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Archive for the 'data' Category

Geographic Data Recording On Android With Memento

Application Name: Memento

Description: Database app with custom form design, GPS geolocation input

Publisher’s website: Memento

Cost: Free ad-supported version; $9.95 Pro version removes ads, removes limits on number of databases that can be synced with Google Docs

Version/date reviewed: v.1.8.3  /  4-24-11

Phone/OS: Droid X / Android 2.2


Android Market (mobile app only)
Android Market (browser)

Memento is generally regarded as the best consumer-level database app for Android. You can select from 11 standard data templates (Tasks, CDs, DVDs, Purchases, etc.), browse an online catalog where others have shared their templates, or create your own Custom data template, choosing from 19 different data types:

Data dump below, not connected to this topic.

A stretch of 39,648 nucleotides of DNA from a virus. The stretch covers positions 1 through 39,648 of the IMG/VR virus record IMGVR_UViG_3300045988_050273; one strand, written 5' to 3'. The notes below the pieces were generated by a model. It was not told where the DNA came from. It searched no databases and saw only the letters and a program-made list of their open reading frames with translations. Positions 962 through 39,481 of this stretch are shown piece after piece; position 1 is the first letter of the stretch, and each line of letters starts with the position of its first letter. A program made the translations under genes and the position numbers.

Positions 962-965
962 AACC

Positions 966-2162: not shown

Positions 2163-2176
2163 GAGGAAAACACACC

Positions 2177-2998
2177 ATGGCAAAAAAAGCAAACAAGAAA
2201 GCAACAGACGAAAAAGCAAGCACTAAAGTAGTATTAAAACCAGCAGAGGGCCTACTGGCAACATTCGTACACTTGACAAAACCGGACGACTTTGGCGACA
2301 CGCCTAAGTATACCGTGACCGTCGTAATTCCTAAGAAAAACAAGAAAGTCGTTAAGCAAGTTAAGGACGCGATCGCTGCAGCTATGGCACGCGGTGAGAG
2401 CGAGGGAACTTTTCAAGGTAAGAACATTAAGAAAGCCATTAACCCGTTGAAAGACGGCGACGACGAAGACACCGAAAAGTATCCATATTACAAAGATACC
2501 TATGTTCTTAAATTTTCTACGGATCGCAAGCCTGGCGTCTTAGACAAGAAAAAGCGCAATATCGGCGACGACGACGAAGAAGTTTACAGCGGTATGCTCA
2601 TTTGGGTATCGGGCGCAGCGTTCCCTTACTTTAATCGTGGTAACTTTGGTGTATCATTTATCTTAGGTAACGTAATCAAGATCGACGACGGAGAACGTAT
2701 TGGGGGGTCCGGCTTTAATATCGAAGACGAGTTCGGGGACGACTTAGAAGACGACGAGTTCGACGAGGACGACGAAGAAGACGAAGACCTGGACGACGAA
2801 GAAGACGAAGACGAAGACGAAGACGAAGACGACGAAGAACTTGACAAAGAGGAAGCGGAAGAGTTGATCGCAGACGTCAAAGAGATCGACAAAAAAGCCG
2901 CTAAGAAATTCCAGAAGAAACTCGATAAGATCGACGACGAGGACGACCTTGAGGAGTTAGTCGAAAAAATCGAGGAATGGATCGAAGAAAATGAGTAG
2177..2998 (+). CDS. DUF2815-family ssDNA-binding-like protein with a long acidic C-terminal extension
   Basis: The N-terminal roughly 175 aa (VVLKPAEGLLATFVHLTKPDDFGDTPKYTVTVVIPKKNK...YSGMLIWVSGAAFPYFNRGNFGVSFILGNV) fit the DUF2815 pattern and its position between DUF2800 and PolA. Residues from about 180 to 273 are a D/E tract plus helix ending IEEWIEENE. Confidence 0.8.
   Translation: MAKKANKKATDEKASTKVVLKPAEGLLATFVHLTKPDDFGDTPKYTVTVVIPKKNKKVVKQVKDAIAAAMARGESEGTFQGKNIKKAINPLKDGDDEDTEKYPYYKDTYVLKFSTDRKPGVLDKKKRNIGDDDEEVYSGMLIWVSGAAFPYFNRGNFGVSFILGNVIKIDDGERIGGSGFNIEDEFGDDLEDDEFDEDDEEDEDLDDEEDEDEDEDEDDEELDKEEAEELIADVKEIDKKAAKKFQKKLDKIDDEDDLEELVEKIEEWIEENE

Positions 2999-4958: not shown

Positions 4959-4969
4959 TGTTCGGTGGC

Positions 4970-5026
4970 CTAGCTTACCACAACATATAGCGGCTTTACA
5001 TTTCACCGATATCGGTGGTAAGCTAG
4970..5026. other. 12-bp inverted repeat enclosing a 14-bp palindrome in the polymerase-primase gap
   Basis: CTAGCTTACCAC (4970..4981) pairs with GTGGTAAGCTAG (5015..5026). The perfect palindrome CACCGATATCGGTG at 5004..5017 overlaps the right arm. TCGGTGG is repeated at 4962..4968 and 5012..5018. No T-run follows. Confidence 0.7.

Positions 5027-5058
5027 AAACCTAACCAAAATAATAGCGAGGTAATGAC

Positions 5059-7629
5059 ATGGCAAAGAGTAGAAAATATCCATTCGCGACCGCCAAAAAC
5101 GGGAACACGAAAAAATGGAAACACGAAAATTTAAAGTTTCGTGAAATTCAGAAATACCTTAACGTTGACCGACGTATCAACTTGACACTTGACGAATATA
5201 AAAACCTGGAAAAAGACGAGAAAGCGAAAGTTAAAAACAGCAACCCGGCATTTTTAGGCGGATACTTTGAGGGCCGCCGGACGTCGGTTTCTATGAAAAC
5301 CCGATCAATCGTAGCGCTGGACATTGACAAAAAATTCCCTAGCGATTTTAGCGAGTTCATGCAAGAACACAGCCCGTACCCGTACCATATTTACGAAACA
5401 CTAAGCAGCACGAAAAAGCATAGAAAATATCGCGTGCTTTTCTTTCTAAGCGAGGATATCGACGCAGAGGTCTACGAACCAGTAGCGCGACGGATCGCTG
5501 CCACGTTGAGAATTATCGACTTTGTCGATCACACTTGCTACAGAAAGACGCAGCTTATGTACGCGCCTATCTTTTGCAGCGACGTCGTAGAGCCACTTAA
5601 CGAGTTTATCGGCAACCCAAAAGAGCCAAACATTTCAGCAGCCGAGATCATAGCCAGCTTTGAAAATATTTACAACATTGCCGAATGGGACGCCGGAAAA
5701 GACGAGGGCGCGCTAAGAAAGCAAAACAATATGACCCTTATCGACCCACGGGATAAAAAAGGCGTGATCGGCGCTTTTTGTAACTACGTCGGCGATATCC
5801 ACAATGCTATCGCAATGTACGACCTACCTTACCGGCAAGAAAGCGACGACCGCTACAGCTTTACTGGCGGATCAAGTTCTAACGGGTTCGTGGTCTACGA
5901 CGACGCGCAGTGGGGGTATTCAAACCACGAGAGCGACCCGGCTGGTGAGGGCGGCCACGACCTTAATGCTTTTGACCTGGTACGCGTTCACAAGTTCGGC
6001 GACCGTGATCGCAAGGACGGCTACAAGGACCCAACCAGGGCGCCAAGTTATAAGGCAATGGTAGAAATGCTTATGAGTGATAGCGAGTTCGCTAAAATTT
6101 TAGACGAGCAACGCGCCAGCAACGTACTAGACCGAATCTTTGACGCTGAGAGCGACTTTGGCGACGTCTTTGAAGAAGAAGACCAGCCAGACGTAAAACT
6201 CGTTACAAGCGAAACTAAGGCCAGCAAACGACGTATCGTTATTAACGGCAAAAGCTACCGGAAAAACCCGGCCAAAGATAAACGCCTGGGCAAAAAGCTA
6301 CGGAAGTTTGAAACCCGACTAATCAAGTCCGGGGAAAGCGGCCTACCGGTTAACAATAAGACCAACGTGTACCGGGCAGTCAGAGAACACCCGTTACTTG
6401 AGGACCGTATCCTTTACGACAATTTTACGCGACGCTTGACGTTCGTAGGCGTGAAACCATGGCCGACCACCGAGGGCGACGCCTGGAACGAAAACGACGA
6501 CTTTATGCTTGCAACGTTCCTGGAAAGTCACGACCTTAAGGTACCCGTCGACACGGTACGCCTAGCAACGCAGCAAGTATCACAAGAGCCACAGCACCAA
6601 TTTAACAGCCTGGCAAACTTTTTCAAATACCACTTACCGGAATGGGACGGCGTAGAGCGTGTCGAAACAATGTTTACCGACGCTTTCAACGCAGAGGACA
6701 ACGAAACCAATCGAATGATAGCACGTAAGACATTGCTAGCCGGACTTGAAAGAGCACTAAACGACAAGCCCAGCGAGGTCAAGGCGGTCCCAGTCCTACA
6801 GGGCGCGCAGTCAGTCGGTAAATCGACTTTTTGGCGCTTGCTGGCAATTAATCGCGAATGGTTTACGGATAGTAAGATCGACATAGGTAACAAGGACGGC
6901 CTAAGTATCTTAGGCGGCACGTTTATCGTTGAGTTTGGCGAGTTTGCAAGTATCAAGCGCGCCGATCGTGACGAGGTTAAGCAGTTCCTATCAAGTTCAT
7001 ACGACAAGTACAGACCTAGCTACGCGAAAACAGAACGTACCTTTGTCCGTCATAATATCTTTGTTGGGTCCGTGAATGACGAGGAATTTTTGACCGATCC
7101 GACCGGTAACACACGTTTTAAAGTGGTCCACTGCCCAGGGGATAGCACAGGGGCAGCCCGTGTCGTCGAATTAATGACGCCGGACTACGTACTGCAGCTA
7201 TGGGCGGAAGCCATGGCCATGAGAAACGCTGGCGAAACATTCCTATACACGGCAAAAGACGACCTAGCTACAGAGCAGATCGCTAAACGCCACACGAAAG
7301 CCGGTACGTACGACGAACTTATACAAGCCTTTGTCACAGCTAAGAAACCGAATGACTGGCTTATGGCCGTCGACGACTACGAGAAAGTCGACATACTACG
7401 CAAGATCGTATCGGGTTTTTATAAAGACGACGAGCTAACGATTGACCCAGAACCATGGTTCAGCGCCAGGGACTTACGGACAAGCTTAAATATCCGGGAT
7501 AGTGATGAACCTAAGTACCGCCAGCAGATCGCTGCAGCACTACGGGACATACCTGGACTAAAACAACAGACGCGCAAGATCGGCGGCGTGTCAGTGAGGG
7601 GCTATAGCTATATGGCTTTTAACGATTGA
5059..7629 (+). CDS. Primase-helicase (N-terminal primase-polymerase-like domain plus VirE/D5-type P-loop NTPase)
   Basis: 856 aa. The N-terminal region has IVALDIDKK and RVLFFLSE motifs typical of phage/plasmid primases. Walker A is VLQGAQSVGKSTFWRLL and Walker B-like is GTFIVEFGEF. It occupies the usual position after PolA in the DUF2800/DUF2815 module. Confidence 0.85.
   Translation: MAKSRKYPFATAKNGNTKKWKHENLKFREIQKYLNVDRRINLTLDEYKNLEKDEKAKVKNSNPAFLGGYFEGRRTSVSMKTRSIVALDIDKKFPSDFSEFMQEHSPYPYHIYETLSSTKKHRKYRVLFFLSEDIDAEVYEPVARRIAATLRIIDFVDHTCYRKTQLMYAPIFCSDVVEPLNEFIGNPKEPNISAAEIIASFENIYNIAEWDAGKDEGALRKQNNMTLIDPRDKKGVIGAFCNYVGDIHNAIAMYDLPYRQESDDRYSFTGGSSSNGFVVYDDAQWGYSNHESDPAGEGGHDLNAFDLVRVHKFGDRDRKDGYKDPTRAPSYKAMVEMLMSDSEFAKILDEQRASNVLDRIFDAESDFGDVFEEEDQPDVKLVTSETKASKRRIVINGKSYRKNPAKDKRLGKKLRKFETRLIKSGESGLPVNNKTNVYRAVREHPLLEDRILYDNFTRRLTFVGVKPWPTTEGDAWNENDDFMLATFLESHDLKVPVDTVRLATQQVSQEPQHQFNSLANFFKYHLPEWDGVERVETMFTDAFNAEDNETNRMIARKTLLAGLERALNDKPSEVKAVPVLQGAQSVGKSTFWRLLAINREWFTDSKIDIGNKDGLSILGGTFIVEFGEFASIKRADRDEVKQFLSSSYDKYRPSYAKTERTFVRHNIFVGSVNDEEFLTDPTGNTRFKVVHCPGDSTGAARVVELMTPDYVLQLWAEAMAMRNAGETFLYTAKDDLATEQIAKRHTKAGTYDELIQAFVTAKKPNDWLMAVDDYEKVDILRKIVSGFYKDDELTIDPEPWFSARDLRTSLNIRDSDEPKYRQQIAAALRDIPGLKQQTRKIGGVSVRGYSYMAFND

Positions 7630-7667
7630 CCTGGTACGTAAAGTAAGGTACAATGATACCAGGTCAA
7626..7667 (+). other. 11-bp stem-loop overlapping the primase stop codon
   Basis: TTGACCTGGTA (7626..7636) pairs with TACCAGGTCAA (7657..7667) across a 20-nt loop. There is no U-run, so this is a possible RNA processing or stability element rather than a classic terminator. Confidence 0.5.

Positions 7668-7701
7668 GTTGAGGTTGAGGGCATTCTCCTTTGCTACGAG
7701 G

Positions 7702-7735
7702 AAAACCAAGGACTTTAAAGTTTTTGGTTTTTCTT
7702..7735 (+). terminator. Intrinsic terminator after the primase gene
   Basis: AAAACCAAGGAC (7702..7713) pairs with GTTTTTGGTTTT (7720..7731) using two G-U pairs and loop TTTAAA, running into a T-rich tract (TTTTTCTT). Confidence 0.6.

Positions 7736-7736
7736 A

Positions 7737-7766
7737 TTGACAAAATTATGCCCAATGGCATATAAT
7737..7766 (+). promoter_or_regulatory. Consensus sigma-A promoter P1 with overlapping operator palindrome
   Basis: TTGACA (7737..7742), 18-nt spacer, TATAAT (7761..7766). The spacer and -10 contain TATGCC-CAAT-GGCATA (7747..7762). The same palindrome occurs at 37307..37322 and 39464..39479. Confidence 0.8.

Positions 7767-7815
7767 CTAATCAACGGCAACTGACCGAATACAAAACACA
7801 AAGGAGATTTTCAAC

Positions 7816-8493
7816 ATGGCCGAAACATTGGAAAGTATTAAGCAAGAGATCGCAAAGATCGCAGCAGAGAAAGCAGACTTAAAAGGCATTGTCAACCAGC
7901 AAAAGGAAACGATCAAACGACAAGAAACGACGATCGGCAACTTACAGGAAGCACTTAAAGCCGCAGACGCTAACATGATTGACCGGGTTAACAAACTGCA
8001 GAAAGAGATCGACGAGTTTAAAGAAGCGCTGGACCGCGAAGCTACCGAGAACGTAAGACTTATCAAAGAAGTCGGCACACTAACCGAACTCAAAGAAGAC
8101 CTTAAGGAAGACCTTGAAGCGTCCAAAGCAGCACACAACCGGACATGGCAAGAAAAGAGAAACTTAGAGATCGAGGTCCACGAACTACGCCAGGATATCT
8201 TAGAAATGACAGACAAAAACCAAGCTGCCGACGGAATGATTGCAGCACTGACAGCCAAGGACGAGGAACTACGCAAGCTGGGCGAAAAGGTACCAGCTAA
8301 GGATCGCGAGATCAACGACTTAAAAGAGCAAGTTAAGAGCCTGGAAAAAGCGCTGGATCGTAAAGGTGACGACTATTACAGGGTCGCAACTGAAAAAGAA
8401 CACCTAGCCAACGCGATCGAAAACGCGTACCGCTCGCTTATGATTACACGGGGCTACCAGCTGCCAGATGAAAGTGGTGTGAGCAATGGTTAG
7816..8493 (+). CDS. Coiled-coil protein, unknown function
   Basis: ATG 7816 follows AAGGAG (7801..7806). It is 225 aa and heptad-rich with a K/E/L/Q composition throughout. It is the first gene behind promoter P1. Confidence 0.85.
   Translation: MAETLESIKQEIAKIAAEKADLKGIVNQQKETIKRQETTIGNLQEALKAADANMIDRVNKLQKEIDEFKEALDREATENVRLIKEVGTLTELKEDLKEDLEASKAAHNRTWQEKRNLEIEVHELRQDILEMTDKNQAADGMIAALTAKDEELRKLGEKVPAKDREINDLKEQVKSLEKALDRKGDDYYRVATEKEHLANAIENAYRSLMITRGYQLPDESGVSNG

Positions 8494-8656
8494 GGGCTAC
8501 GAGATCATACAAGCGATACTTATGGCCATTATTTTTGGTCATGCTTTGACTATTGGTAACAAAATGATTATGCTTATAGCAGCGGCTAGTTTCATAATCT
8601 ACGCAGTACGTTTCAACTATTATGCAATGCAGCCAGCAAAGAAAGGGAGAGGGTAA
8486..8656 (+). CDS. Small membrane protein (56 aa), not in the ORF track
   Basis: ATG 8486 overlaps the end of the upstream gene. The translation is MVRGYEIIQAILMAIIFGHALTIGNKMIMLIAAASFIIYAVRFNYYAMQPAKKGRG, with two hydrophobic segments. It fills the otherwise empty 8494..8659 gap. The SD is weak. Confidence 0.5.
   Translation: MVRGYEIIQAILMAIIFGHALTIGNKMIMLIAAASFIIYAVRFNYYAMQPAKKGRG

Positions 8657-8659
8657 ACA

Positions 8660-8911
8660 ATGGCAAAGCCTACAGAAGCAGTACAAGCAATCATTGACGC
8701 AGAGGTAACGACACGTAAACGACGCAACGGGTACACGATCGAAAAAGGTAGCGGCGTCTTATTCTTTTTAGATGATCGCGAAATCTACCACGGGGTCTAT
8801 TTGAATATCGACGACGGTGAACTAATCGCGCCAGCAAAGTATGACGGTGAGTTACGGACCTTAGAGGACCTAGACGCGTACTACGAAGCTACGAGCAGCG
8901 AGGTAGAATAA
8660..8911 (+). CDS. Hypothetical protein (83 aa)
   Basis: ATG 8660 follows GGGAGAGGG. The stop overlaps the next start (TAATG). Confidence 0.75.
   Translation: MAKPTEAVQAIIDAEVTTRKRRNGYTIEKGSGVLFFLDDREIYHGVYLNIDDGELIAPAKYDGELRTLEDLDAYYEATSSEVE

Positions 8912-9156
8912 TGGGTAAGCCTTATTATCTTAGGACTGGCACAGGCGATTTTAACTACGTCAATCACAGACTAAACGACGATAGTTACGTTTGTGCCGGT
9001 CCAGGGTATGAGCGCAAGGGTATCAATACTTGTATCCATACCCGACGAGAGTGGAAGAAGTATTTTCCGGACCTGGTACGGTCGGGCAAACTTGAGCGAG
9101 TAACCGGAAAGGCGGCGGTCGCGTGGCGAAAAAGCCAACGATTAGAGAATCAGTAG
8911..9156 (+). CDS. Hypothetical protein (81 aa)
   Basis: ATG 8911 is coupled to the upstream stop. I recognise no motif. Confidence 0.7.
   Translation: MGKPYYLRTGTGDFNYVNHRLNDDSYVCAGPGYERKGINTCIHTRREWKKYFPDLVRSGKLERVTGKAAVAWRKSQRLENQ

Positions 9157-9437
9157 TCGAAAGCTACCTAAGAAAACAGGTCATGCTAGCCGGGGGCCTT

• Text
  • Integer
  • Real number
  • Boolean
  • Calculation
  • Date
  • Time
  • Date/Time
  • Contact
  • Image
  • String values
  • Multiselect values
  • Audio
  • Currency
  • Rating
  • Hyperlink
  • Barcode
  • Link to entry
  • Link to file
  • Password
  • Phone
  • Email
  • Google Maps coordinates

Of particular interest here is the last one; you can save geographic coordinate data using a Google Maps interface in conjunction with GPS.


Here, I’ve created a simple database, with a text field and location field.


Tapping the Location field brings up a Google Maps view, and fires up the GPS; your current location will be marked by the blue dot.